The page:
Review: Love

 

DIR/WRI: Gaspar Noé • Pro: Brahim Chaoiu, Vincent Maravel, Gaspar Noé, Rodrigo Teixeira, Edouard Weil • ED: Denis Bedlow, Gaspar Noé  • DOP: Benoit Debie • Mus: Pascal Mayer • CAST: Karl Glusman, Aomi Muyock, Klara Kristin

Relentless provocateur Gaspar Noé returns to our screens with this sexually-explicit opus which follows an American film student living in Paris, Murphy (Glusman) and his doomed love affair with the depressive, fiery, sexually experimental Elektra (Muyock) and his subsequent fall into parenthood and domesticity with another woman Omi (Kristin), whom he does not love. We piece together the story of Murphy and Elektra’s stormy affair through flashbacks to episodes in their time together, intercut with the present, as Murphy muses how he’s gotten himself into this situation.

Since the film’s premiere at Cannes much has been made of the film’s sexual frankness and the fact that it was shot and is presented in 3D.The sex and 3D in fact turn out to be the least notable aspects on show here. The former is pervasive and hardcore, but this is hardly anything new in arthouse cinema. The idea of the director of Enter the Void making a film in 3D certainly seemed like an interesting proposition but for the most part the 3D effects seem unnecessary. There is the odd moment when Noé uses it interestingly, generally in scenes outside of the bedroom, such as a fiery argument between Murphy and Elektra in the back of a taxi and also in a couple of nightclub scenes in which the effect captures an atmosphere and dreaminess that seems fresh. For the most part the effect is used in a subtle way and Noe resists the temptation to fling things at the audience, apart from one shot in which Murphy ejaculates out into the crowd. Well, this is a Gaspar Noé film after all.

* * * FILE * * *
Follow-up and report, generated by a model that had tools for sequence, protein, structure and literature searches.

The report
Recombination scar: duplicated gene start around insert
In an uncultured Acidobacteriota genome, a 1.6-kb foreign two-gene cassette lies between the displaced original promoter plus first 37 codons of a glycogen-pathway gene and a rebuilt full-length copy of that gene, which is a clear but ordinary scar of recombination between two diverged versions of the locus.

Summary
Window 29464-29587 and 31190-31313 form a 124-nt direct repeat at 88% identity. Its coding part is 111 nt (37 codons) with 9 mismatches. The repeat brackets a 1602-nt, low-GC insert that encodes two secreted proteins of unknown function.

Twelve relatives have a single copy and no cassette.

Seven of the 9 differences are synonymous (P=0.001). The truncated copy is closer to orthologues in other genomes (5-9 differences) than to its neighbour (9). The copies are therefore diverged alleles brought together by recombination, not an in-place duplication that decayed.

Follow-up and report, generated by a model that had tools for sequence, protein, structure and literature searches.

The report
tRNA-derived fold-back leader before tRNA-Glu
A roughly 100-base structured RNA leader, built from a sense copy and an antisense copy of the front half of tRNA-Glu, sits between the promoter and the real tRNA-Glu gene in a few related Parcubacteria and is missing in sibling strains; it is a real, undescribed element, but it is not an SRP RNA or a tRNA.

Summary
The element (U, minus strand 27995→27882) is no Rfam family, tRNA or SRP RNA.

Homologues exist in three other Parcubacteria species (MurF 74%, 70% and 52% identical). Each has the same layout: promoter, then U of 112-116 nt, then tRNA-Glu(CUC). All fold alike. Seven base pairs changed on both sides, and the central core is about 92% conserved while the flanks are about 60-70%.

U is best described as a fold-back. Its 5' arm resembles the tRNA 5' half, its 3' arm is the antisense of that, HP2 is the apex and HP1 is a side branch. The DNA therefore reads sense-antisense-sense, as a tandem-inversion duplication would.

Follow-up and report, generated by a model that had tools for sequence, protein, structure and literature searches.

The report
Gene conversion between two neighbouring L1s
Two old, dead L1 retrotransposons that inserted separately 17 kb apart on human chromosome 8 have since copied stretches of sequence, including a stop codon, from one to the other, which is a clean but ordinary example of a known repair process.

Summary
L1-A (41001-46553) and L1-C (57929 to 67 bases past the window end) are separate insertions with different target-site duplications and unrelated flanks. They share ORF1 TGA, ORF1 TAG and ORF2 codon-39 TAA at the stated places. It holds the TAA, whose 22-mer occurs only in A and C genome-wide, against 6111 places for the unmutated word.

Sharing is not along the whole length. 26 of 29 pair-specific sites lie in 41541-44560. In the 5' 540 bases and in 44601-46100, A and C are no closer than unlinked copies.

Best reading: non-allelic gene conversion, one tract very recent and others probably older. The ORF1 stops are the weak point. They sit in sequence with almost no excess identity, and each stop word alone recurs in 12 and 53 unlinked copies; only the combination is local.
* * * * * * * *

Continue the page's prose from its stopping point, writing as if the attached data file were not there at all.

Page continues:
Noé himself has stated (as does Murphy, who is clearly a surrogate for Noé in the film) that what he wanted to do was to make a film exploring sexual sentimentality. Indeed, Noé allows far more sweetness and sentimentality into Love than encountered in his previous, aggressive pictures I Stand Alone, Irreversible and Enter the Void. Noé himself has compared it to Love to Blue is the Warmest Colour in its emotional and physical frankness. There are times in the film when this works and Noé does capture something raw, honest, sad and, indeed, beautiful. Unfortunately, however, these moments are far too few and instead the viewer most endure lots of silliness, indulgences, wretched dialogue and indifferent acting on its way to climax.

Noé has argued there is a continued conservative attitude to showing sex in films and has suggested to really examine romance one must examine the sexual side of it in the same manner as all other things. This is a fair point and his use of Blue is the Warmest Colour as an example of a counterpoint is a good one in that it did achieve these goals. In that infinitely superior picture the viewer was submerged into all aspects of the couple’s relationship. This was achieved through an intense attention to detail of which explicit sex was a part of, but also through the relatability of the characters, and through profoundly brilliant acting from the leads.

After a decent, sober start it does not take long for Love to plunge headlong into pure male fantasy. Poor Murphy’s problems with Elektra, you see, stem from them having a threesome with their 17-year-old neighbour Omi. They do this because its Elektra’s biggest sexual fantasy to have sex with a man and another girl. Of course. Following this, when Elektra is away for the weekend, Murphy just can’t help himself once more and has to have sex with Omi again, this time by himself, at which point he impregnates her and so ends his romance with the love of his life.